• Bargaining is very nearly universal. Even in shops with signs that say "fixed prices," expect negotiated "discounts." Big department stores are the exception -- usually.

• Language can be a problem in restaurants, though many now have bilingual menus or menus with color pictures; the ones looking for tourist business should have someone who speaks the basics. (What's that? "Snake." No.) Be patient with your server, and don't be shy about pointing out a dish at the next table. They'll understand and fix you right up. If the situation is hopeless, just smile and shrug and walk out; they'll be as relieved as you are.

• Aside from knockoffs (where you usually get what you pay for) and snacks at street-food stalls (dumplings, noodles, and the like), stuff in China isn't particularly cheap. That will surprise you. Thank the global economy and the soft dollar.

• The Olympic Stadium (a.k.a. The Bird's Nest) is on the edge of the city, but by Games-time (Aug. 8-24, 2008) will be easily reachable by a light-rail system. It will also be very warm.

And finally:

• You will hear warnings from advisers, spoken and written, about springtime dust storms and horrible air pollution. I'm assured by trusted colleagues that those warnings are justified. But in 10 mid-April days in Beijing on this trip, I experienced neither. I'm told that was a fluke.

So come to Beijing, and treat it with the same confident respect you would in other great international cities. You'll be fine. You'll be safe. You'll be surprised. You'll be well fed.

Oh -- about those fake 2008 Olympics baseball caps: They'll ask $5. Don't even think of paying that much.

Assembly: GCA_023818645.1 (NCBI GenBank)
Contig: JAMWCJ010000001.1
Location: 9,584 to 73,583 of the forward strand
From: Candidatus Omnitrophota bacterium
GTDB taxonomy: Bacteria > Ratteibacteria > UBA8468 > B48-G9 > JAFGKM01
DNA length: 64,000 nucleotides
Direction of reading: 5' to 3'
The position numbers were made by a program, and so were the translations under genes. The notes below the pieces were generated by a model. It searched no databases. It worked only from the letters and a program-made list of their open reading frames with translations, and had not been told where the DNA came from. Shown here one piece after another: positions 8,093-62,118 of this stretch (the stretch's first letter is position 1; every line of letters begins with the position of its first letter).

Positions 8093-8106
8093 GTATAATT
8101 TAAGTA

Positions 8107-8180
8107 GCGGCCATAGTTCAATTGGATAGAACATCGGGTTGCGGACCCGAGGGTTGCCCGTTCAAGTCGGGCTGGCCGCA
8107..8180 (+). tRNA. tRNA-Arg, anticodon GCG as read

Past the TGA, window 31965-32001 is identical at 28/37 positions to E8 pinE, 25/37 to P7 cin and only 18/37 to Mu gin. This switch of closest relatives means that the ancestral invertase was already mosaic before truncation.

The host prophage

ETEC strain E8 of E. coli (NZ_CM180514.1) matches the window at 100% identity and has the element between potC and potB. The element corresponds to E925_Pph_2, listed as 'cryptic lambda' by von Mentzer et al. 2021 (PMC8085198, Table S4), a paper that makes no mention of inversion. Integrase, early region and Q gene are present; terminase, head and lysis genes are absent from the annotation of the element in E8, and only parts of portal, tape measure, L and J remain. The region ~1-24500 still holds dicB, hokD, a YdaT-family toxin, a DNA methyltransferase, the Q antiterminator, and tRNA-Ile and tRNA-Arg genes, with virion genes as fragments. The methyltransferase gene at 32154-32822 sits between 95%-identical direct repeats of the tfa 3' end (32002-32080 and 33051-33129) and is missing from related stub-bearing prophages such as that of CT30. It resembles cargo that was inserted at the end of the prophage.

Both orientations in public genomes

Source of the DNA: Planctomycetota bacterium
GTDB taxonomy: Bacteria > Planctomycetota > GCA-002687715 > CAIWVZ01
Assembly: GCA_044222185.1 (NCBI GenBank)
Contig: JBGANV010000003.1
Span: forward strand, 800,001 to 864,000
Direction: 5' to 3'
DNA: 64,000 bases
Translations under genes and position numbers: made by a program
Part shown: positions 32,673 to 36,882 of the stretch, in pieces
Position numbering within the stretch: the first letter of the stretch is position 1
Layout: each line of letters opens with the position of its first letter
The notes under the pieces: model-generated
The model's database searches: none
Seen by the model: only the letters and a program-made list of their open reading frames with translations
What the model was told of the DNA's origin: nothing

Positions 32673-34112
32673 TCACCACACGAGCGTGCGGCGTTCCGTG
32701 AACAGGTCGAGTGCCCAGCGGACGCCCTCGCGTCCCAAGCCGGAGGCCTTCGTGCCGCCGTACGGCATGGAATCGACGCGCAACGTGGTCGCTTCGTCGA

And, well, don't wear them in the rain.

Getting there:

Expanded service may be on the way, according to news reports, but for now the only nonstop service between Chicago and Beijing is on United. A recent check found summertime fares around $1,500 (subject to change) for the 13-hour flight; fares in spring and fall, best times to visit, can be hundreds less. (If you're exploring, United can also fly you into Beijing and out of Shanghai, or vice-versa, for about the same fare.) And If you're on the West Coast, three Chinese airlines can get you to Beijing and back from there.

Getting around:

Beijing is a decent walking city -- once you get to the neighborhood you want to explore. If your base is near a subway station, trains are efficient, clean and, if you avoid the rush-hour crush, comfortable; most destinations can be reached with a 3-yuan (37-cent) ticket. Otherwise, taxis are inexpensive, with metered fares rarely exceeding $5 to in-town tourist sites. Another option is renting (or even buying, then selling back) a bicycle, but ... no.

Staying there:

The city has hundreds of hotels, with lots more under construction for the 2008 Summer Olympics. Prices listed are for summer; discounts can be major in other seasons, so shop around.

Some of the best hotels, including the snazzy new Westin Financial Street (doubles from $200, this rate and those that follow subject to change and exchange-rate fluctuation; starwoodhotels.com) and the established, conventionish China World ($259; shangri-la.com) are convenient to the city's scattered financial centers and less convenient for leisure travelers; for simplicity, we concentrated our checks on hotels within walking distance of the Wangfujing Street shopping district and the Forbidden City.